7. Kol sana wa entou salmeen (كل سنة وانتوا سالمين) – Levant and Iraq
This greeting is a variation of the previous Eid wish, which roughly translates to “may every year find you well”. The response would be Wa entou salmeen (وانتوا سالمين), meaning “may every year [also] find you well.”
8. Kol eid wa entou bekhair (كل عيد و وانتوا بخير) – Levant
This phrase means “May every Eid find you in good health” – yet another warm Eid salutation. In response, the appropriate answer would be Wa entou bekhair (وانتوا بخير), meaning ‘‘and goodness to you [all, too]’’.
9. Yen’ad alaykom belkhair (ينعاد عليكم بالخير) – Levant
This phrase means “Wishing you [all] good health until next year/Eid”. A typical reply would be Amin ya rab, wa alaykom (امين يارب وعليكم), translating to “Amen dear lord, to you [all, too]”.
10. Yen’ad alaykom bel-sahha wa al-saleme (ينعاد عليكم بالصحة والسلامة) – Levant
A variation of the previous greeting, this Levantine phrase translates to, ‘‘Wishing you [all good] health and wellness’’. In response one would say: Wa alaykom bel-sahha wa al-saleme (وعليكم و بالصحة والسلامة) meaning, ‘‘may health and wellness be upon you [too]’’.
11. Kol sana wa anta/i tayeb/a (كل سنه وأنت/ه طيب/ه) – Egypt
Kol sana wa anta/i tayeb/a is the Egyptian counterpart of the similar Levantine greeting. This common greeting means ‘‘I wish you goodness every year’’, and is also used as a birthday wish! It is often followed by Wa anta/i tayeb/a (وأنت طيب) in response, meaning ‘‘and I [wish] you goodness [too]”, or Eid saeed ‘alayna (عيد سعيد علينا), meaning ‘‘happy Eid to us [all]”.
12. Eidkum mubarak we kol ‘am we antom bikhair (عيدكم مبارك و كل عام و انتم بخير) – Iraq and the Gulf region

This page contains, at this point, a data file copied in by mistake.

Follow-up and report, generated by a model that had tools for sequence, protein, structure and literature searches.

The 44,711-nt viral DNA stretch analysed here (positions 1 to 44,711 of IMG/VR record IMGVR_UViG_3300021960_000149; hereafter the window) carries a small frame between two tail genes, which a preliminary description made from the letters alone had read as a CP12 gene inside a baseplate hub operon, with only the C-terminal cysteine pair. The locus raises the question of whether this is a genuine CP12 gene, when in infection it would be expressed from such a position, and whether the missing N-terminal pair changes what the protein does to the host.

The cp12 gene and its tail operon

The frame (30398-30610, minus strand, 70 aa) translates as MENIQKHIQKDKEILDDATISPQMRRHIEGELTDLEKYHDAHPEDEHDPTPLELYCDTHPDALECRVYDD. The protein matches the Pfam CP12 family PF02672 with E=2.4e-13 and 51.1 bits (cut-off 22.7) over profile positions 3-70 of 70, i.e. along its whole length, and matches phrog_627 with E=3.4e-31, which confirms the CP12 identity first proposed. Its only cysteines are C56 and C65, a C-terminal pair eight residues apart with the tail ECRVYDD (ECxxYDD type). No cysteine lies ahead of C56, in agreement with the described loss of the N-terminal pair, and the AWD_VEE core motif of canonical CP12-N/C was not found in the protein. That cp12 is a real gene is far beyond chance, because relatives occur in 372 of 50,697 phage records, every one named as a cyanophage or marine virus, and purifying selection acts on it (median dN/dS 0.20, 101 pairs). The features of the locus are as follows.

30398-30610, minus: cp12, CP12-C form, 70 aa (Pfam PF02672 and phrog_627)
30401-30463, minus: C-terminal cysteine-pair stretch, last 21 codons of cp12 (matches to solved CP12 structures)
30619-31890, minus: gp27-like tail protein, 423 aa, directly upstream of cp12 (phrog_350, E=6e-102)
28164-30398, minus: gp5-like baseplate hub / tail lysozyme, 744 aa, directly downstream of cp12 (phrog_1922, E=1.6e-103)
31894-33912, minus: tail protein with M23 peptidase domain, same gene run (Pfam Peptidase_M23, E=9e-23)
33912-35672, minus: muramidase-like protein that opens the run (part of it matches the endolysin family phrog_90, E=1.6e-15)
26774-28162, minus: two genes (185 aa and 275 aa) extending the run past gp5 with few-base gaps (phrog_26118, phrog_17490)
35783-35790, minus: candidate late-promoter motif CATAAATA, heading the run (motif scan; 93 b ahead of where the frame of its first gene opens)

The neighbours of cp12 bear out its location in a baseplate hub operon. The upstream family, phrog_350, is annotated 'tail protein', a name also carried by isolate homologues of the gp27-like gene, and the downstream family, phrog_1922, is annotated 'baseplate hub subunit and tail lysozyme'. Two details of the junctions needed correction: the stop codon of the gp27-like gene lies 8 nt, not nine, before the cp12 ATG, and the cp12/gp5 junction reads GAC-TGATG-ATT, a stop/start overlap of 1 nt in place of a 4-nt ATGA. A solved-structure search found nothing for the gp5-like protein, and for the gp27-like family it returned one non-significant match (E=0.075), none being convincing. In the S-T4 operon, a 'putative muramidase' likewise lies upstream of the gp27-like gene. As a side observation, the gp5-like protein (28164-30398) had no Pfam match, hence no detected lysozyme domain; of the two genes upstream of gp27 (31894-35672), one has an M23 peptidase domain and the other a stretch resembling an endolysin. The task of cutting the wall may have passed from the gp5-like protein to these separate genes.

This popular greeting, when wishing Iraqi and Khaleeji speakers, is a combination of two aforementioned greetings: Eidkum mubarak (عيدكم مبارك), meaning “[have a] blessed eid [to all]”, and, we kol ‘am we antom bikhair (و كل عام و انتم بخير), meaning ‘and ‘I wish you goodness every year’’. It is in the plural form and can generally be said to all genders and any number of speakers. A typical response would be either Eidkum mubarak (عيدكم مبارك) or we antom bikhair (وانتم بخير).
13. Eidkum mubarak wa inshallah min al-aydeen (عيدكم مبارك وإن شاء الله من العايدين) – Iraq
This is another Eid salutation in Iraqi Arabic, meaning, “[Have a] blessed Eid and God willing, may you be among those who celebrate it over and over”. One would usually answer with Nahnu wa eyakom inshalla (نحن و إياكم ان شاء الله), which translates to “you and us [both], God willingly”.
14. Eidkum mubarak wa asakum min uwwadah (عيدكم مبارك وعساكم من عواده) – The Gulf region
This heartfelt expression means: ‘‘Have a blessed Eid and may you go on to witness many more Eids’’. In response one would say: Mubarak ‘alayna wa alaikum inshallah (مبارك علينا وعليكم إن شاء الله), which equates to ‘‘God willing, blessings on us and you’’.
15. Mabrouk el Eid (مبروك العيد) – Morocco
In the Moroccan Arabic dialect, this greeting literally translates to “congratulations [for] Eid”, and it is a variation of the aforementioned Eid Mubarak (عيد مبارك). An appropriate response would be Allah yebarek feek/i (الله يبارك فيك), which means “God bless you [too]”.
Book a session, today, to learn more about these greetings and the various dialects of Arabic with NaTakallam’s native language tutors! Choose from Modern Standard Arabic and 7 dialects: Egyptian, Iraqi, Yemeni, and Levantine – Lebanese and Syrian/Palestinian.
To our language partners, learners, friends, supporters and all those celebrating, Eid Mubarak!